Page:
Once considered the language of an older generation, Yiddish is now being embraced by hip twenty- and thirty-somethings.
Reprinted with permission from The Avi Chai Bookshelf, where Birthright Israel alumni can order free books and magazines.
History is full of bizarre twists and turns, and the fate of a language can be as unpredictable as the fate of a people. In 1945, the future of Yiddish looked bleak. Millions of its speakers had been murdered, and the audience for Yiddish literature was practically wiped out. Many survivors focused on learning Hebrew or English--the languages they needed to build new lives. Meanwhile, Yiddish fell by the wayside, becoming the language parents and grandparents spoke when they wanted to hide things from their children.
Klezmer is Suddenly Cool
But nearly 60 years later, klezmer music is suddenly cool. The melodies our grandparents laughed and cried to are played in places where twenty-somethings gather, from New Orleans jazz clubs to Montreal cafés. Meanwhile, recent American Jewish literature--like Nathan Englander's For the Relief of Unbearable Urges--pays constant homage to Yiddish fiction masters like Sholom Aleichem, Y.L. Peretz, and I.B. Singer. For young writers like Englander, Yiddish humor amid tragedy is an inspiration. Many of these Yiddish stories, like Sholom Aleichem's Tevye the Dairyman, are readily available in English, and sometimes, North American readers decide they want to check out the fiction in its original language.
The majority of current Yiddish speakers, of course, are from Hasidic and Haredi (ultra-Orthodox) families who raise their children with Yiddish as their mother tongue. These large families have led some scholars to believe there may be a million Yiddish speakers again. But the more surprising story is the slow but seemingly steady increase in Yiddish lovers in the non-Hasidic world.
"In the Jewish 'mainstream', interest in Yiddish may be growing," says Neil Zagorin, bibliographer at The National Yiddish Book Center in Amherst, Mass. "It will probably not again be the vernacular or cultural language of the Jewish 'masses' the way it was before the Holocaust. Most 'mainstream' Jews will not be fluent or literate in Yiddish."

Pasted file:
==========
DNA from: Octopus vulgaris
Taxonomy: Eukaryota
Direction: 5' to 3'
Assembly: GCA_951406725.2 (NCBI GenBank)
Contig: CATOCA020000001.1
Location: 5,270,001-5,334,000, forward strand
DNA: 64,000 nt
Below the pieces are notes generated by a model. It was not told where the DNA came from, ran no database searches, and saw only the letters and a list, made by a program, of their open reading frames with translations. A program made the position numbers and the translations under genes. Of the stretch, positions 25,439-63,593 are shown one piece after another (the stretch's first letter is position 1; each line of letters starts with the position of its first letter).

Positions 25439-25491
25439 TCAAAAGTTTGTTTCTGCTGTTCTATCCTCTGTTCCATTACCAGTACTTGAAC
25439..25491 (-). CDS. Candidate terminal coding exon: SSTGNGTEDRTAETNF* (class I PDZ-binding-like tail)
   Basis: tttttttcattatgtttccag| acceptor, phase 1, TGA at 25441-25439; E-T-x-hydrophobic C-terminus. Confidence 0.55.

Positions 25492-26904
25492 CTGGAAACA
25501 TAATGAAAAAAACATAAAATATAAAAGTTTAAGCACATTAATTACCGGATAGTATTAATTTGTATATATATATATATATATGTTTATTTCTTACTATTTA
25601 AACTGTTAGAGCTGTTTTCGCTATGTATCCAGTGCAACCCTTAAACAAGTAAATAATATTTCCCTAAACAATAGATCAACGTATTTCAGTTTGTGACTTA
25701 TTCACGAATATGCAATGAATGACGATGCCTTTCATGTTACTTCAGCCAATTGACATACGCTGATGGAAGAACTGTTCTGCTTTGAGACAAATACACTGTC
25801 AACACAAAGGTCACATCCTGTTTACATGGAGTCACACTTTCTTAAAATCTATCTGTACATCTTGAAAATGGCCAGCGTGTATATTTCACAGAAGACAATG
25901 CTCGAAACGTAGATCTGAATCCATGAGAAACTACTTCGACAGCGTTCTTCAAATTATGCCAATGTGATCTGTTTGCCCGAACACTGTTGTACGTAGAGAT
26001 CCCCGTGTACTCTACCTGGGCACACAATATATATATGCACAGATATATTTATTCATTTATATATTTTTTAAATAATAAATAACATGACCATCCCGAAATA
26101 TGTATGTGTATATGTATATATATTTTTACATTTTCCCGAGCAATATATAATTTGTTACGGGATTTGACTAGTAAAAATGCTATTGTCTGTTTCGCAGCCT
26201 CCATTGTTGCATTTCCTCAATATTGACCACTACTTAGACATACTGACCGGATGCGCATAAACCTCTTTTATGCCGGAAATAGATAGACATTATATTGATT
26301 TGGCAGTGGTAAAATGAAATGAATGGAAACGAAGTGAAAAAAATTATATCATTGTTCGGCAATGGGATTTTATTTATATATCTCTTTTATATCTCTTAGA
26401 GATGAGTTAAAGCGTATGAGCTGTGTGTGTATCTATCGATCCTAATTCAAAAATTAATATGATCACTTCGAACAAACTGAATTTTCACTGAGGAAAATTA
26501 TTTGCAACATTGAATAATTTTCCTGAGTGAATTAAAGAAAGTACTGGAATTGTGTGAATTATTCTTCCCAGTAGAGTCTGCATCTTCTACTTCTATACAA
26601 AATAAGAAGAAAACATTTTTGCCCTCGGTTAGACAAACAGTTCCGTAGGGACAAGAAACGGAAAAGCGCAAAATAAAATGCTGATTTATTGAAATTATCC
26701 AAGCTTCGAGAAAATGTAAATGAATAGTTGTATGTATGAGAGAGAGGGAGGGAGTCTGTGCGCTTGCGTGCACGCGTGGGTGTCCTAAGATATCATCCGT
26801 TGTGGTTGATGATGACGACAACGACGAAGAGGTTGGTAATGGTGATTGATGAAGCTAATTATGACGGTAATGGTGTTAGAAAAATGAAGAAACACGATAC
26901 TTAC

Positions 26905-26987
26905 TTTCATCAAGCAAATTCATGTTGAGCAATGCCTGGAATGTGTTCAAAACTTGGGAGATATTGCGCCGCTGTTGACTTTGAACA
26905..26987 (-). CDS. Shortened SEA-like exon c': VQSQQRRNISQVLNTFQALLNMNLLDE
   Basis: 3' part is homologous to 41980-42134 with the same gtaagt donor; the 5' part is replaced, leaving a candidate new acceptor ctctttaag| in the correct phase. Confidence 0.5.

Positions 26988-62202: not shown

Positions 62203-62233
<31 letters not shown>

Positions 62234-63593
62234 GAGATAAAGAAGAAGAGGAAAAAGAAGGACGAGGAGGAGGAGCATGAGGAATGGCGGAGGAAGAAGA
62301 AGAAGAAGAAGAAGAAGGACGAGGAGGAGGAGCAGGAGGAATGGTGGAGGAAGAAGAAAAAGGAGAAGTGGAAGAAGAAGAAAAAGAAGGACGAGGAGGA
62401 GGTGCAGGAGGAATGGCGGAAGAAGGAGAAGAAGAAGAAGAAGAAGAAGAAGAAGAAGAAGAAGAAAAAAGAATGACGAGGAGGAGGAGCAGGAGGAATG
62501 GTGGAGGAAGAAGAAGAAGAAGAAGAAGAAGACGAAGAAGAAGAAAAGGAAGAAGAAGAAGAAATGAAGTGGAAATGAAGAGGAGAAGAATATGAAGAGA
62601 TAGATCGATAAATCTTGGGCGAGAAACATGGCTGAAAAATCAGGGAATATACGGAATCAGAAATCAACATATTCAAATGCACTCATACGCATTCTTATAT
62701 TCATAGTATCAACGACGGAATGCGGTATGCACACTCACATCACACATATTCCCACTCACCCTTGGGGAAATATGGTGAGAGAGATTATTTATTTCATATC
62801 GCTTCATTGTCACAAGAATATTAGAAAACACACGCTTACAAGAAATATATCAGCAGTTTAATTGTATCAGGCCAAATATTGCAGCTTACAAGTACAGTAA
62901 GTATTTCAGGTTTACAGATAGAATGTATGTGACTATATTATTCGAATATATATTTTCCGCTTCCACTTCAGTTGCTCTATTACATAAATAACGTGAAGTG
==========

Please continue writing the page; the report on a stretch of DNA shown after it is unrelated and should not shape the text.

"What is significant is that a growing number of young Jews are reconsidering--or considering for the first time--the meaning of the Ashkenazic Jewish heritage as an important part of contemporary Jewish identity, alongside Jewish religion, ancient Jewish history, modern Israeli history, and so on," Zagorin says.
Literature, Music, Art
This interest in Yiddish is evident at places like Makor, a cultural gathering place dedicated to New Yorkers in their 20s and 30s. Makor offers a range of Yiddish classes, along with the usual Hebrew and Judaism fare that's at most JCCs.
Looking into Yiddish can mean much more than just language classes, says Zagorin. "It can mean young Jews who take courses in modern Jewish social history along with other coursework in Jewish studies. It can also mean interest in the literature written in Yiddish, whether they read it in Yiddish or translation." Studying Yiddish can lead to an interest in the music, theater, and folk arts of Ashkenazic Jewry, Zagorin says.
There are signs of this interest all over the place. A small ad in New York's Jewish Week this month promised cash stipends to people trying to live near other Yiddish speakers. Each summer, a slew of Yiddish festivals pop up in Canada and the U.S. And a growing number of universities offer academic credit or degrees in Yiddish. Well-known intensive language programs include those from The YIVO Institute for Jewish Research in New York and the University of Vilnius. In addition, the Oxford Center for Yiddish Studies, the University of Paris, and Bar-Ilan University have run intensive Yiddish programs.
A few dedicated American organizations--including YIVO, Workmen's Circle, and The National Yiddish Book Center--host conferences, fund internships, and put out publications that help keep Yiddish alive in the English-speaking world. These events usually involve less of a time commitment, and attract people in their 20s and 30s.
Yiddish on the Web
The web is also helping to connect lovers of Yiddish with each other; the website www.derbay.org lists events around the world, including classes, conferences, and concerts. It has links to the Yiddish pen-pal organization, which has 300 members divided according to ability.
Meanwhile, Yugntruf - Yugnt far Yidish, the site of Youth for Yiddish, is aimed at people in their 20s, 30s, and 40s who are into Yiddish. The calendar listing includes groups like the Yiddish Writers Circle. YIVO just started a summer program alumni newsletter, available online, which should help connect its 1,200 alumni.
For those enrolled in university, cool Yiddish-related internships abound. The National Yiddish Book Center offers graduate students a chance to work on preserving Jewish books while taking Yiddish classes. Each year, the Center receives about 40 applications for an average of 8 slots, depending on funding. "The students learn Yiddish half the day and help shelve books the other half a day," says the center's director of education Rabbi Phil Graubart.
In the summer, the Center also hosts a College Creativity Workshop that brings students interested in creative writing and film together. This year, there will be a four-day workshop with prominent Jewish writers including Alicia Ostriker and Irena Klepfisz, along with agents and publishers.
This kind of innovative programming is helping to keep Yiddish and institutions concerned with Yiddish on the map. Yiddish is becoming a part of a new generation's cultural life, affecting its music, its literature, and even its tastes in humor. Yiddish may never regain its foothold in Europe, but it may have found a loving, remodeled home in North America.
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